# Why doesn't substitution using $2\sin^2x$ work?

I was solving the integral $$\int\sqrt{2x-x^2}\,\mathrm dx$$. I divided it as $$\int\sqrt{x}\sqrt{2-x}\,\mathrm dx$$ and used the substitution for $$x=2\sin^2t$$ and $$\mathrm dx=4\sin t\cos t\,\mathrm{d}t$$

The result I found was $$\arcsin\left(\sqrt{\frac{x}{2}}\right)-\frac{\sqrt{2x-x^2}}{2}({1-x})+C$$

However, on an online calculator I saw the result was $$\frac{(x-1)\sqrt{2x-x^2}+\arcsin(x-1)}{2}+C$$ Apparently it used the substitution with $$u=1-x$$ respectively $$u =\sin t$$ and rewriting the integral as $$\int \cos^2t\,\mathrm dt$$ it found the solution for $$t$$ and switched the substituted elements.

I understood the solution given there but why my solution gave a different result than that? I had a similar problem in another question as well. And the only difference is with $$\arcsin$$, I thought it was because I substituted with $$2\sin^2x$$ which is a power of a trigonometric function but I don't understand why that would be a problem. Is it actually related to that, or is there another reason why it didn't work?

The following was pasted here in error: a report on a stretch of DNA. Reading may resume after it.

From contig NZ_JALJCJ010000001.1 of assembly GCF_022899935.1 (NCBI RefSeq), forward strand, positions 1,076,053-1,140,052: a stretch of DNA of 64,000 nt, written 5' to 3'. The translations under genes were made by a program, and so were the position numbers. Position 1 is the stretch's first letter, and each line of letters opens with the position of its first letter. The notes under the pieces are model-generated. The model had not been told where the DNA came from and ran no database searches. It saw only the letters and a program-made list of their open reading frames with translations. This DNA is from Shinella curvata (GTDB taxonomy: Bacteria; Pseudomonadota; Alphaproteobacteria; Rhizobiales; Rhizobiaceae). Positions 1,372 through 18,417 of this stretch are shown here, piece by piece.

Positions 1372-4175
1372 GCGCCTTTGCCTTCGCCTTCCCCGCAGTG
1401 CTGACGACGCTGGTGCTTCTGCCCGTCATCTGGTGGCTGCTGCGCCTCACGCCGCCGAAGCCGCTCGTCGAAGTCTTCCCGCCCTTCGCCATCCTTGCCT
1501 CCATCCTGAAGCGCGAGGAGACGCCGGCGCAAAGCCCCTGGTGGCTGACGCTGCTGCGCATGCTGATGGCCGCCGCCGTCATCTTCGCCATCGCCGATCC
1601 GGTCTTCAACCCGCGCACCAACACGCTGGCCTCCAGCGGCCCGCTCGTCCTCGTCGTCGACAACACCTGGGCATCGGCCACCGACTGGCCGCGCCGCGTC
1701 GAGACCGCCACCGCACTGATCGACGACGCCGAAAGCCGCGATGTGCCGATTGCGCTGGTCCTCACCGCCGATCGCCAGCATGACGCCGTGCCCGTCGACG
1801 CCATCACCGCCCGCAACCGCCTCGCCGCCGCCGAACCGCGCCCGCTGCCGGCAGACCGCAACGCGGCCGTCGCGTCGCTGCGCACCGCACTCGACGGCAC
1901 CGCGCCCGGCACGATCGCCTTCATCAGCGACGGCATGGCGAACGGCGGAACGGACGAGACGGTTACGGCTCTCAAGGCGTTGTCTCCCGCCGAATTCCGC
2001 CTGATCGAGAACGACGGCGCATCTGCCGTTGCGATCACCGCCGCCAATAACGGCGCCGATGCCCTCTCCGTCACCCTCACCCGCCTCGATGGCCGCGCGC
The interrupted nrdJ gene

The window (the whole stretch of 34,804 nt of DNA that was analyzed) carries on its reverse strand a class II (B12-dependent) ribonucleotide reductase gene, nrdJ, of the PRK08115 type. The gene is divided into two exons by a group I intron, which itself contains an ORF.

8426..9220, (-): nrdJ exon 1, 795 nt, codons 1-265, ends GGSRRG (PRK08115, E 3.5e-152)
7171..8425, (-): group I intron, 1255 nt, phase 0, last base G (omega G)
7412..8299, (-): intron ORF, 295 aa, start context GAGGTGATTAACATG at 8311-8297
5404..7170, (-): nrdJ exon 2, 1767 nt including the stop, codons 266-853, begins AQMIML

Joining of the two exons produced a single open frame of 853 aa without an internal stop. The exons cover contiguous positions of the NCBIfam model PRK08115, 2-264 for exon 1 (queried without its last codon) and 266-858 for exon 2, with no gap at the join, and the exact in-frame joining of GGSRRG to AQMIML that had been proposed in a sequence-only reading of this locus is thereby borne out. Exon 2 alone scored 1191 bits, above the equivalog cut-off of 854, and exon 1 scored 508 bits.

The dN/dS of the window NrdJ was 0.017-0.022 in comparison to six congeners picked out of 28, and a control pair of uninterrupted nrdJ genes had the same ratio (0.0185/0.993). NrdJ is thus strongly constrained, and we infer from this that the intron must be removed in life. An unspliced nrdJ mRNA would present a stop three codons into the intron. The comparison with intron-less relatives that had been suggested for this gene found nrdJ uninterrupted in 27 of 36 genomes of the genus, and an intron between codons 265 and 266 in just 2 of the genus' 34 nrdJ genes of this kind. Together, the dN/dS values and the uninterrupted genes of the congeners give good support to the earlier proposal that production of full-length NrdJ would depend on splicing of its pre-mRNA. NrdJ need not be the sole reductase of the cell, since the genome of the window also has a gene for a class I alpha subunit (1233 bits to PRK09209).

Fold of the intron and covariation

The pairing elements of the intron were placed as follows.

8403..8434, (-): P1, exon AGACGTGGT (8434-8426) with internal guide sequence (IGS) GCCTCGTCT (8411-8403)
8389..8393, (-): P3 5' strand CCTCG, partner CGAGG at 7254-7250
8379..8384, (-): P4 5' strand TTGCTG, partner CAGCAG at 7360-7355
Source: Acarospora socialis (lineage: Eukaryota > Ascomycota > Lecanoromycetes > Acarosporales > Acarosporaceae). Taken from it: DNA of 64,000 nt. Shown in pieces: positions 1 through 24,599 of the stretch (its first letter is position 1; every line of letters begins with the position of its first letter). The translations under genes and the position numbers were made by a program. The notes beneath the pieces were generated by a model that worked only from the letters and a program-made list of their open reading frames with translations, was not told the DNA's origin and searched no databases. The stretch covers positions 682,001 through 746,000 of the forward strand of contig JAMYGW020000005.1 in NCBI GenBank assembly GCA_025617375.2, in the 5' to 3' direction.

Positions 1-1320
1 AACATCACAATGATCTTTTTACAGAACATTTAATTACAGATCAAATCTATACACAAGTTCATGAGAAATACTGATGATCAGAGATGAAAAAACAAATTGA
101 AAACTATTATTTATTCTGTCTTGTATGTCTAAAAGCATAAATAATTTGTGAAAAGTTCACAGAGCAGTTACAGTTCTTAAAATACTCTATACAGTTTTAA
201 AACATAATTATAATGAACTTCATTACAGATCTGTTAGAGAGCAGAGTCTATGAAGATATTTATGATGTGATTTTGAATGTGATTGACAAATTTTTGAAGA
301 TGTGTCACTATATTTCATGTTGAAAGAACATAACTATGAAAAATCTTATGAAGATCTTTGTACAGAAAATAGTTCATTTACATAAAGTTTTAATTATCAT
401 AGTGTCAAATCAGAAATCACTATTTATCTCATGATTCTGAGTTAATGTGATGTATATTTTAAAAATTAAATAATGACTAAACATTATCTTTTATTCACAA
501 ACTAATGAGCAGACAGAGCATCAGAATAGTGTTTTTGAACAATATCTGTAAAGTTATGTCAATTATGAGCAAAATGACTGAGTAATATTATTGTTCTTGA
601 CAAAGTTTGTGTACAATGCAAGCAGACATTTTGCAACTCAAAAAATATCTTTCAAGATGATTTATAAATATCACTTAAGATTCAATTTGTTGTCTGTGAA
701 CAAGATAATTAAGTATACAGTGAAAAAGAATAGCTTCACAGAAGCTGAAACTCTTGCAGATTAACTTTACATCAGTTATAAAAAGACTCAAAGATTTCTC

The answer is that both solutions are valid: $$\frac12\arcsin(x-1)$$ and $$\arcsin\left(\sqrt{\frac x2}\right)$$ differ by a constant.
To see why this is true, suppose that $$\theta = \arcsin\left(\sqrt{\frac x2}\right).$$ Then $$\frac x2 = \sin^2\theta = \frac{1-\cos(2\theta)}2.$$ So $$\cos(2\theta) = 1-x$$. But $$\cos(2\theta) = -\sin(2\theta-\frac\pi2)$$, so $$\theta = \frac12\arcsin(x-1)+\frac\pi4.$$